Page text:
B.C. worker gets compensation for stress caused by mass dog slaughter

Worker developed PTSD after messy killing of 100 sled dogs
|employmentlawtoday.com|Last Updated: 02/01/2011

A British Columbia worker has won a claim for workers’ compensation for stress after he was required to participate in a large-scale slaughter of sled dogs.

The worker was employed with Outdoor Adventures Whistler, a tour operator in Whistler, B.C. In early 2010, business was booming as the Winter Olympics brought thousands of people into the region who went on sled tours of the region. However, the company experienced a significant drop in business afterwards and in April 2010, it decided to cull a number of its idle sled dogs.

The practice came to light when an Outdoor Adventures employee filed a claim with WorksafeBC, the province’s health and safety authority, for post-traumatic stress disorder. The employee claimed his condition developed after he was assigned to kill the dogs.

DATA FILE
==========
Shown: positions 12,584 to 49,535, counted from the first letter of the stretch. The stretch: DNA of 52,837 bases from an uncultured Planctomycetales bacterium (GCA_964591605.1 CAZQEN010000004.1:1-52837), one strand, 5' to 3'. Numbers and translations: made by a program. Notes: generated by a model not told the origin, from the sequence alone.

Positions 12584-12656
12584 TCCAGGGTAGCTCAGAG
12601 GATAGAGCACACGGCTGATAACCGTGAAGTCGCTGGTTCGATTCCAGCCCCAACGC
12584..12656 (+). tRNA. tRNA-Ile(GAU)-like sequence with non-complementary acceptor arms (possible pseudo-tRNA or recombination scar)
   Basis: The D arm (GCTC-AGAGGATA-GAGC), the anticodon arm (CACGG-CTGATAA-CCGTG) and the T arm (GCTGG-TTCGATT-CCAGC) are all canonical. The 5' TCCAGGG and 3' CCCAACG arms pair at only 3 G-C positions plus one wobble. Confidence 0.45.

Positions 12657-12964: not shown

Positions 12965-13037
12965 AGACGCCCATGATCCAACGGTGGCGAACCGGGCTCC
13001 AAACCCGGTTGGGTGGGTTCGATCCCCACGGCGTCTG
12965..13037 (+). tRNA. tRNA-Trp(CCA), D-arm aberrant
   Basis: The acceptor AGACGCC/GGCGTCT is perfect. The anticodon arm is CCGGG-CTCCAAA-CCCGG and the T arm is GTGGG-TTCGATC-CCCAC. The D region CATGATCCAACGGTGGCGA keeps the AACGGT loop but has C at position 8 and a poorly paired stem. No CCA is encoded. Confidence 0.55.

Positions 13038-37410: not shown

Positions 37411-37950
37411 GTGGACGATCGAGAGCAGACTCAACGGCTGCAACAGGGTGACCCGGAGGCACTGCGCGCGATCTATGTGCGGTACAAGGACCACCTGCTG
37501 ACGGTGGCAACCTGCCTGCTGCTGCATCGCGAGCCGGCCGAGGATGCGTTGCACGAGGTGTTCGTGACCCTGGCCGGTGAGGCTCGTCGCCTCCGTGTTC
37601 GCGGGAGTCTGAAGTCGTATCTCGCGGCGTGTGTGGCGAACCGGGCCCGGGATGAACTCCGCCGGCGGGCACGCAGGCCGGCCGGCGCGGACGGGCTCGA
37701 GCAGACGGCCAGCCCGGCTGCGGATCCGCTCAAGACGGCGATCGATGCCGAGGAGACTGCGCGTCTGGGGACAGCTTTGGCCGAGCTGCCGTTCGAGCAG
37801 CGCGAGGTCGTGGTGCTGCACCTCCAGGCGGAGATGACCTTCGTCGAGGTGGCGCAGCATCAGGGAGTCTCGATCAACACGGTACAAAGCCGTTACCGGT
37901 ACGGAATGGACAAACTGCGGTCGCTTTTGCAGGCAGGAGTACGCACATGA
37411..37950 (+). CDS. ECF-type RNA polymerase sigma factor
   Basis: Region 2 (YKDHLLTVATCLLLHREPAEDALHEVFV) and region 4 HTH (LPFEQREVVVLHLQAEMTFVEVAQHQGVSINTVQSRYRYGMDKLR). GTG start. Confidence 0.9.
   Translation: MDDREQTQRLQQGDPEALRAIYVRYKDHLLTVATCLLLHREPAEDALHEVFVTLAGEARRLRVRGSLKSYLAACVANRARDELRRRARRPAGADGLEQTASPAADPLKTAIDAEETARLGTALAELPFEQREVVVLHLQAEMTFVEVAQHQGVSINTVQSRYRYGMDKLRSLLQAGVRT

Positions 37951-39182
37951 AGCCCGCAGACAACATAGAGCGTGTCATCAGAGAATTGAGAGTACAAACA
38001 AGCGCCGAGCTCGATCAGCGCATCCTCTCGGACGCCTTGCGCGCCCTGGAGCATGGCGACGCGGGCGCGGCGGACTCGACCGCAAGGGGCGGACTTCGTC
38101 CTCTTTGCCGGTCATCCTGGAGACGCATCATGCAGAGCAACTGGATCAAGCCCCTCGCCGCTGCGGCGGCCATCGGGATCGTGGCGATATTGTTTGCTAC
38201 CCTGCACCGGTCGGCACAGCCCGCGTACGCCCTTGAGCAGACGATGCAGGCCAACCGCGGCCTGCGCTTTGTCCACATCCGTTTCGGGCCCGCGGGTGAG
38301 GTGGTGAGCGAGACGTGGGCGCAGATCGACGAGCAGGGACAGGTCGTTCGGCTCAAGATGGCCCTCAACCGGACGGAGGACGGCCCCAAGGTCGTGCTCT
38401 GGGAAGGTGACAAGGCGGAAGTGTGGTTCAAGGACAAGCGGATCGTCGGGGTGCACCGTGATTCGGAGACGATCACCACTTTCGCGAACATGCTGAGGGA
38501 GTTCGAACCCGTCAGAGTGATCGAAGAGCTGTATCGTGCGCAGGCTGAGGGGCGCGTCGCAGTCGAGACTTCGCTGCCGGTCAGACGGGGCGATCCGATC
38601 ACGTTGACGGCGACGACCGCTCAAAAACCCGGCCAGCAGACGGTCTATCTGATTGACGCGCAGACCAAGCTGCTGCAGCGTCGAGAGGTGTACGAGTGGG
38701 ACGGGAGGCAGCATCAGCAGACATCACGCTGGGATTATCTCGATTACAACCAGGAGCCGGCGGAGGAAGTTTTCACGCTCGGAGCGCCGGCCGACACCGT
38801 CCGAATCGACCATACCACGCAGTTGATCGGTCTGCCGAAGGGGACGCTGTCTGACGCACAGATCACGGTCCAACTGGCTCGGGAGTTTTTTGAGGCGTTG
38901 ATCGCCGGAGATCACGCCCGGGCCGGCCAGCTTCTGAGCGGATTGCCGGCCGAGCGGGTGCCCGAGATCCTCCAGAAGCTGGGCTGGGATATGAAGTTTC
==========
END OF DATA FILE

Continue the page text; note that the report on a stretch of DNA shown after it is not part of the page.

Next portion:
The employee described a mass killing of 70 dogs that were either shot or slashed in the throat and then dumped in a mass grave. He claimed the dogs didn’t always die immediately and he had to witness some ugly incidents.

“It wasn’t always a clean, one-shot kill,” the employee’s lawyer, Cory Steinberg, told Vancouver radio station CKNW. “Inevitably, (the employee) ended up seeing and having to put the end to some horrific scenes.”

Outdoor Adventures did not dispute the claim and, in fact, corrected the number of dogs the employee said he killed to 100, according to the report.

WorksafeBC approved the employee’s claim for compensation. After reviewing the file, the B.C. branch of the Society for the Prevention of Cruelty to Animals launched an investigation into the matter.

Update: Outdoor Adventures Whistler released a statement on Jan. 31 saying it was "aware of the relocation and euthanization of dogs" but it denied it instructed the employee to do it in the manner he described. The company said it expected the dogs to be culled "in a proper, legal and humane manner." The BC SPCA is continuing its investigation.

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